Fox Primary: Is Fox Letting Its Employees' Status Dictate Its Presidential Coverage?
Blog ››› ››› MIKE BURNS
As the Fox 2012 GOP primary heats up, it's becoming increasingly clear that Fox considers itself to be the arbiter of who is, and is not, running for president.
On Wednesday, Fox announced the suspensions of contributors Newt Gingrich and Rick Santorum as the two mull presidential bids. Mike Huckabee and Sarah Palin, who are also Fox employees and potential presidential candidates, were not included in the suspension -- a double standard that did not go unnoticed by many commentators, including conservatives.
Now, Fox is apparently backing up its seemingly random standard for suspending potential candidates by commenting on negative events surrounding those suspended, while leaving unmentioned the negative events surrounding employees still on the payroll.
During a panel discussion on today's edition of Fox News Sunday, host Chris Wallace, along with guests Chris Stirewalt and Nina Easton, slammed Gingrich for making "a hash of it this week" by announcing an exploratory website instead of a traditional exploratory committee as "some of his aides" had initially indicated. The panel declared Gingrich "undisciplined" and laden with "a lot of baggage." Watch:
It's certainly true that Gingrich made "a hash of it this week" -- but he wasn't the only one. Left unmentioned by the Fox News Sunday panel was the fact that Huckabee's week amounted to an endless series of gaffes, including a flirtation with highbrow birtherism.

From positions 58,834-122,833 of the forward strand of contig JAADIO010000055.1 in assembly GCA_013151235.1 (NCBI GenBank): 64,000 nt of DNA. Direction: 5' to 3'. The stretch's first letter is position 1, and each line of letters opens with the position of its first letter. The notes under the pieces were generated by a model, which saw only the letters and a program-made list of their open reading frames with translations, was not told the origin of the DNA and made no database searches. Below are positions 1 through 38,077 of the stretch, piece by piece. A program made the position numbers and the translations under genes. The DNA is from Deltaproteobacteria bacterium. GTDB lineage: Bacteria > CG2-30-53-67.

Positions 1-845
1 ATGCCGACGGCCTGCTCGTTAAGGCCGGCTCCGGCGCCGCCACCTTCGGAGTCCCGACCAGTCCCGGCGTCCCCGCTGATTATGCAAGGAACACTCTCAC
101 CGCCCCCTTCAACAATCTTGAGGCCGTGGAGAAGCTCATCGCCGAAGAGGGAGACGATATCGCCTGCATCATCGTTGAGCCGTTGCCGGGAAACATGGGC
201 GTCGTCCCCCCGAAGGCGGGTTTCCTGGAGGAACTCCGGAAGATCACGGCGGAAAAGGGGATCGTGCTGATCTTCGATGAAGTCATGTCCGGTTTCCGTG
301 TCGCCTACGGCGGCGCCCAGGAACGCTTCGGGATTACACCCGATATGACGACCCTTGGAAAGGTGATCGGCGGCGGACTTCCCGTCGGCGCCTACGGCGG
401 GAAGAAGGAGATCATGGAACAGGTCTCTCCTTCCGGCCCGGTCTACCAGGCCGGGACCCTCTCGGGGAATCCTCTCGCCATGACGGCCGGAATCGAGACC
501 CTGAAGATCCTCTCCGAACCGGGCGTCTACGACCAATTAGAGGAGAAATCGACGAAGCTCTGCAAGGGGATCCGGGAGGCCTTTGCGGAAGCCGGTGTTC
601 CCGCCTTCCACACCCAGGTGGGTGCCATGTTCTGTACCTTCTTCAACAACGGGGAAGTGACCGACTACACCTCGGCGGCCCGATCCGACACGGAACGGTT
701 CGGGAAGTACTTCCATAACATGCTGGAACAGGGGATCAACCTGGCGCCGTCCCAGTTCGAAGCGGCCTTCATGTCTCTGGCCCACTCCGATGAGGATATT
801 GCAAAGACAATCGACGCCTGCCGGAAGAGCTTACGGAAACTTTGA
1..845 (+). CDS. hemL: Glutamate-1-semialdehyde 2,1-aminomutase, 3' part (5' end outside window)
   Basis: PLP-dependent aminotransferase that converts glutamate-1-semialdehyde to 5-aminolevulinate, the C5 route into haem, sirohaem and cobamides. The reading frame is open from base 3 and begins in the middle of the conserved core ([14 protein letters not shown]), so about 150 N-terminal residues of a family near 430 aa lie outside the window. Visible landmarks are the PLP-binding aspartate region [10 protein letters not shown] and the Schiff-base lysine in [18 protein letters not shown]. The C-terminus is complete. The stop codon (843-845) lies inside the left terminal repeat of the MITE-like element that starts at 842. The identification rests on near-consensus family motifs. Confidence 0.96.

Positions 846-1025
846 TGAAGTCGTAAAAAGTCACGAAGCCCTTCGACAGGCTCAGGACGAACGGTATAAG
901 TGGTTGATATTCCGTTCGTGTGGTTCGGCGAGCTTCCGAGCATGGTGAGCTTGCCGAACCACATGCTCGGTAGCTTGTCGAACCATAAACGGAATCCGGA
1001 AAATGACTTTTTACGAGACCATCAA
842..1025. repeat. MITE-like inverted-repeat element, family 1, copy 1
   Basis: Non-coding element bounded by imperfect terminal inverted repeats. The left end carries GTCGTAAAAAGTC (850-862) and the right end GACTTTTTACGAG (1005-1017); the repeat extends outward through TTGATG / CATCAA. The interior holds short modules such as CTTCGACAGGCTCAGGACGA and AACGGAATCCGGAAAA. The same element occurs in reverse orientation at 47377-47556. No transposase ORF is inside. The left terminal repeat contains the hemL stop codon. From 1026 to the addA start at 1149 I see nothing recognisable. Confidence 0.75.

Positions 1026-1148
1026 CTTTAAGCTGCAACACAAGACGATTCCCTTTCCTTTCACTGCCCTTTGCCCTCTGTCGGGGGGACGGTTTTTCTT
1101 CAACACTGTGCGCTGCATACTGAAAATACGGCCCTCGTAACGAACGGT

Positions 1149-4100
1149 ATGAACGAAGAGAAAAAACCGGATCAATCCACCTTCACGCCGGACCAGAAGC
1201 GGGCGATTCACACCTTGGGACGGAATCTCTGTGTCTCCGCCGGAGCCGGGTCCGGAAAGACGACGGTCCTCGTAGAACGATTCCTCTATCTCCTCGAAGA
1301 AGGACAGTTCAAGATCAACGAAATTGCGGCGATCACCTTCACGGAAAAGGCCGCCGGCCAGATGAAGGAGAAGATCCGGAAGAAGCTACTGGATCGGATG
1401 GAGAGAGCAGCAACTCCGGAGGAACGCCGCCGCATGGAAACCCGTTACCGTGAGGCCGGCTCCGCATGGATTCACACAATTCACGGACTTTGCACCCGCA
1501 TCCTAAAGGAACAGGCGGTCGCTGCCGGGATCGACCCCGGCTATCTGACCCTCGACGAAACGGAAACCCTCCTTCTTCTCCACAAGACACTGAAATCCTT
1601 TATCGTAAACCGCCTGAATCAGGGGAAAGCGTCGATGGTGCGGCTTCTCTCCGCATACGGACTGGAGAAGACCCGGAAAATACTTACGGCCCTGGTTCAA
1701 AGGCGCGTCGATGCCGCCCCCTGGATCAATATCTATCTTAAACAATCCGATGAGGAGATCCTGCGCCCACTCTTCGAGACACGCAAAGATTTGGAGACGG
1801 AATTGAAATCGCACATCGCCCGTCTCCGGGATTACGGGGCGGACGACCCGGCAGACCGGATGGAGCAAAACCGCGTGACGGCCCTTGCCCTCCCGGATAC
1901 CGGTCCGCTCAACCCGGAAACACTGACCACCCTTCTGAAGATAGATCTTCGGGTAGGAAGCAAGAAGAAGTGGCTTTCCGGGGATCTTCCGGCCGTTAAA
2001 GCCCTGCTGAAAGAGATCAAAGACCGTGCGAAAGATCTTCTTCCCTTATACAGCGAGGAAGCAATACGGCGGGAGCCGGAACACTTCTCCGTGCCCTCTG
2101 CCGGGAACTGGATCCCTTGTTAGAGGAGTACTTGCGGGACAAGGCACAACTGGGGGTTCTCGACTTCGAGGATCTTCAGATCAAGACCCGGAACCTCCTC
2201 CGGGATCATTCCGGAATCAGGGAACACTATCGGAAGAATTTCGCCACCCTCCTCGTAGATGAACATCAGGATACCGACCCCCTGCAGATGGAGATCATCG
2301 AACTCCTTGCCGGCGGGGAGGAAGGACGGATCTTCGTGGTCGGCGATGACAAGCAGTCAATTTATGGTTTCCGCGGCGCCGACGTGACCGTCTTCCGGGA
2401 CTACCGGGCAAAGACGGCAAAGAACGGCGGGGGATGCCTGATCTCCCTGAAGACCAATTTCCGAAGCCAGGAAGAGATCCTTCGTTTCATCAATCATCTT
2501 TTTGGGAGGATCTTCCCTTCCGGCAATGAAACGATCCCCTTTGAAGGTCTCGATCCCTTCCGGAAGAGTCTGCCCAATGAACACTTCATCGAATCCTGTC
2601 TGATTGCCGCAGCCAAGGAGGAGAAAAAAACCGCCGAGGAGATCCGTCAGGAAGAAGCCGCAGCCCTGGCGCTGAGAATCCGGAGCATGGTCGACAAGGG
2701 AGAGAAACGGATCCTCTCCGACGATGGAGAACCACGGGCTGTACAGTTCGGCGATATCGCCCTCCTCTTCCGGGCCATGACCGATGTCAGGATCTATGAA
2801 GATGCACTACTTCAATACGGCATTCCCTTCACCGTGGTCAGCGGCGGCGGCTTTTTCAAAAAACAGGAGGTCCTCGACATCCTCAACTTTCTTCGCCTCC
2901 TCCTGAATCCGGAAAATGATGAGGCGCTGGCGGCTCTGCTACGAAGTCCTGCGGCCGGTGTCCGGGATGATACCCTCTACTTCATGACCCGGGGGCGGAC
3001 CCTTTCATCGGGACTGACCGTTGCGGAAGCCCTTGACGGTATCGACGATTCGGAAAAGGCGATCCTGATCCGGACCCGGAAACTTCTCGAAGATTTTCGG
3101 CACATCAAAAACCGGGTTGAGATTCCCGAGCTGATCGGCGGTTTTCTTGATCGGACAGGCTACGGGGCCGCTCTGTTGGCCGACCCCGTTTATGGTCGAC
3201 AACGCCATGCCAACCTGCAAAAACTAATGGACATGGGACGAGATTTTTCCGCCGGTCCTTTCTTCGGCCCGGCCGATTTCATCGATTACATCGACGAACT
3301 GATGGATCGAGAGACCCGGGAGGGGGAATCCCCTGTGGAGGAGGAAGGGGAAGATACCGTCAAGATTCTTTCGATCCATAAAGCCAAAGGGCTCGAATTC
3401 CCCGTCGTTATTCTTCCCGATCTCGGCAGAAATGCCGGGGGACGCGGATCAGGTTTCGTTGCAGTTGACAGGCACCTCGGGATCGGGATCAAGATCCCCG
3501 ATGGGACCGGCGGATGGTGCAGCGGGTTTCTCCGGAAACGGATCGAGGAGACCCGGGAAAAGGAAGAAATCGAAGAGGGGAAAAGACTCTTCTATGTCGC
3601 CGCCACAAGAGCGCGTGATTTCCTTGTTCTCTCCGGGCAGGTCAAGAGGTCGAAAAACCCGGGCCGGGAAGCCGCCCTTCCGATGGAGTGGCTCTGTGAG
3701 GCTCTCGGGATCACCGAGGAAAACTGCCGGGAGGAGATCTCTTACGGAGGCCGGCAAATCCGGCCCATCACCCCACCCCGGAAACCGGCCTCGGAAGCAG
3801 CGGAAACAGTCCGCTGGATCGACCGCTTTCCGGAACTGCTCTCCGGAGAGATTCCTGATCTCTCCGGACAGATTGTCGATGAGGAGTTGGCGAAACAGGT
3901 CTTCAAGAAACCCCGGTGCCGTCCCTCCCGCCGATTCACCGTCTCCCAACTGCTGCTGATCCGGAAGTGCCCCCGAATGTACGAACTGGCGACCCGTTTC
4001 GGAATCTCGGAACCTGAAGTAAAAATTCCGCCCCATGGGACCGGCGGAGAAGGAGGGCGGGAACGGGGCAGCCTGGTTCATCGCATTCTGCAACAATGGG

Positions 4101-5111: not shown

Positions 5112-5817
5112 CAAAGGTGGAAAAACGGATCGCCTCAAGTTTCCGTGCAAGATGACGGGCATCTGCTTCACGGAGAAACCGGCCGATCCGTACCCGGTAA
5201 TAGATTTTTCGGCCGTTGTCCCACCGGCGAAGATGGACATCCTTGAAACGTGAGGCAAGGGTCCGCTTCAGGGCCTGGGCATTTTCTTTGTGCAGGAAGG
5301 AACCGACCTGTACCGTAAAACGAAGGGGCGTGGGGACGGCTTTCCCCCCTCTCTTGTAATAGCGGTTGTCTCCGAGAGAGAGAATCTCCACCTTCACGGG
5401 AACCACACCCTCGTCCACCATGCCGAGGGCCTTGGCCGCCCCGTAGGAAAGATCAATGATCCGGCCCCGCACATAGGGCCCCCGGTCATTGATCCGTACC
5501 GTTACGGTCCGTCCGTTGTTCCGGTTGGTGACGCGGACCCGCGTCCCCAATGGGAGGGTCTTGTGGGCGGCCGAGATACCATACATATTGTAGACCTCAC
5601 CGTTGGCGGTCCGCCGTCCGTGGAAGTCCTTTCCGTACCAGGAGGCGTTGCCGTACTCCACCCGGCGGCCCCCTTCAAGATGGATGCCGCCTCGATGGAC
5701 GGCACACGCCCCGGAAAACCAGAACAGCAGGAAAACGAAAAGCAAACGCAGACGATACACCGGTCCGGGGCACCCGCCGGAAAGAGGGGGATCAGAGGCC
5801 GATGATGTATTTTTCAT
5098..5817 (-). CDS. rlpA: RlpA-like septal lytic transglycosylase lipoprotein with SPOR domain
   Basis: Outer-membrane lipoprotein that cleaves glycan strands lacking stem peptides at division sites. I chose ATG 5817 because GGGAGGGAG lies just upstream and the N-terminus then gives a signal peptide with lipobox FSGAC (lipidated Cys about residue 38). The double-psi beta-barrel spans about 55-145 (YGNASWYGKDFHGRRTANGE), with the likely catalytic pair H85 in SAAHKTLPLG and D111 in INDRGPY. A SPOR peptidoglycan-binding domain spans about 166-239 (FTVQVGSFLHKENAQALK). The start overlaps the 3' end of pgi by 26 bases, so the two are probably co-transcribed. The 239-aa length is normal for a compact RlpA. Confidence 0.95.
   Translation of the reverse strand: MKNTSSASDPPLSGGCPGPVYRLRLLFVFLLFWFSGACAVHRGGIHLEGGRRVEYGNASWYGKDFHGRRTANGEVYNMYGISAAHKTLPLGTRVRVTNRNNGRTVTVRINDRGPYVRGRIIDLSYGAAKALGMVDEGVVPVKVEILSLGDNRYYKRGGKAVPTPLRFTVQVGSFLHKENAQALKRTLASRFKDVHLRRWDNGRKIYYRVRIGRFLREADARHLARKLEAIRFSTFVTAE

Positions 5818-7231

Indeed, during an appearance on WOR's The Steve Malzberg Show, while making clear that he doesn't question Obama's birth certificate, Huckabee nonetheless twice falsely claimed that President Obama grew up "in Kenya." Huckabee later walked back his remarks, disingenuously claiming, among other things, that they were a "simple slip of the tongue." Huckabee drew a large amount of criticism for his remarks, and even Fox's own Brian Kilmeade took issue, asking, "Why would you even bring up the president's upbringing?"
In another radio interview, Huckabee flirted with the long debunked claim that Obama was educated at a madrassa, claiming that Obama "has a different worldview," and adding, "our communities were filled with Rotary Clubs, not madrassas."
And during a radio appearance on Monday, Huckabee attacked Oscar-winning actress Natalie Portman for having a child "out of wedlock," saying, "it's unfortunate that we glorify and glamorize the idea of out of children wedlock." After intense criticism, Huckabee posted a statement to his Huck PAC blog asserting that he did not "slam" or "attack" Portman and that he did not "criticize the hardworking single mothers in our country."
Of course, any mention of Huckabee in this context would have amounted to a tacit acknowledgement that he is most likely considering a presidential bid. This certainly would raise more questions as to why Fox did not suspend Huckabee or Palin but did suspend Gingrich and Santorum. And while it's entirely possible that Fox knows something everyone else doesn't, all signs indicate that Huckabee is at least thinking of running.
This raises all sorts of ethical questions that Fox should, but probably won't, answer. It's clear that Fox is increasingly regarding itself as the arbiter of which of its employees are running for president, but it remains to be seen whether Fox is correct in doing so.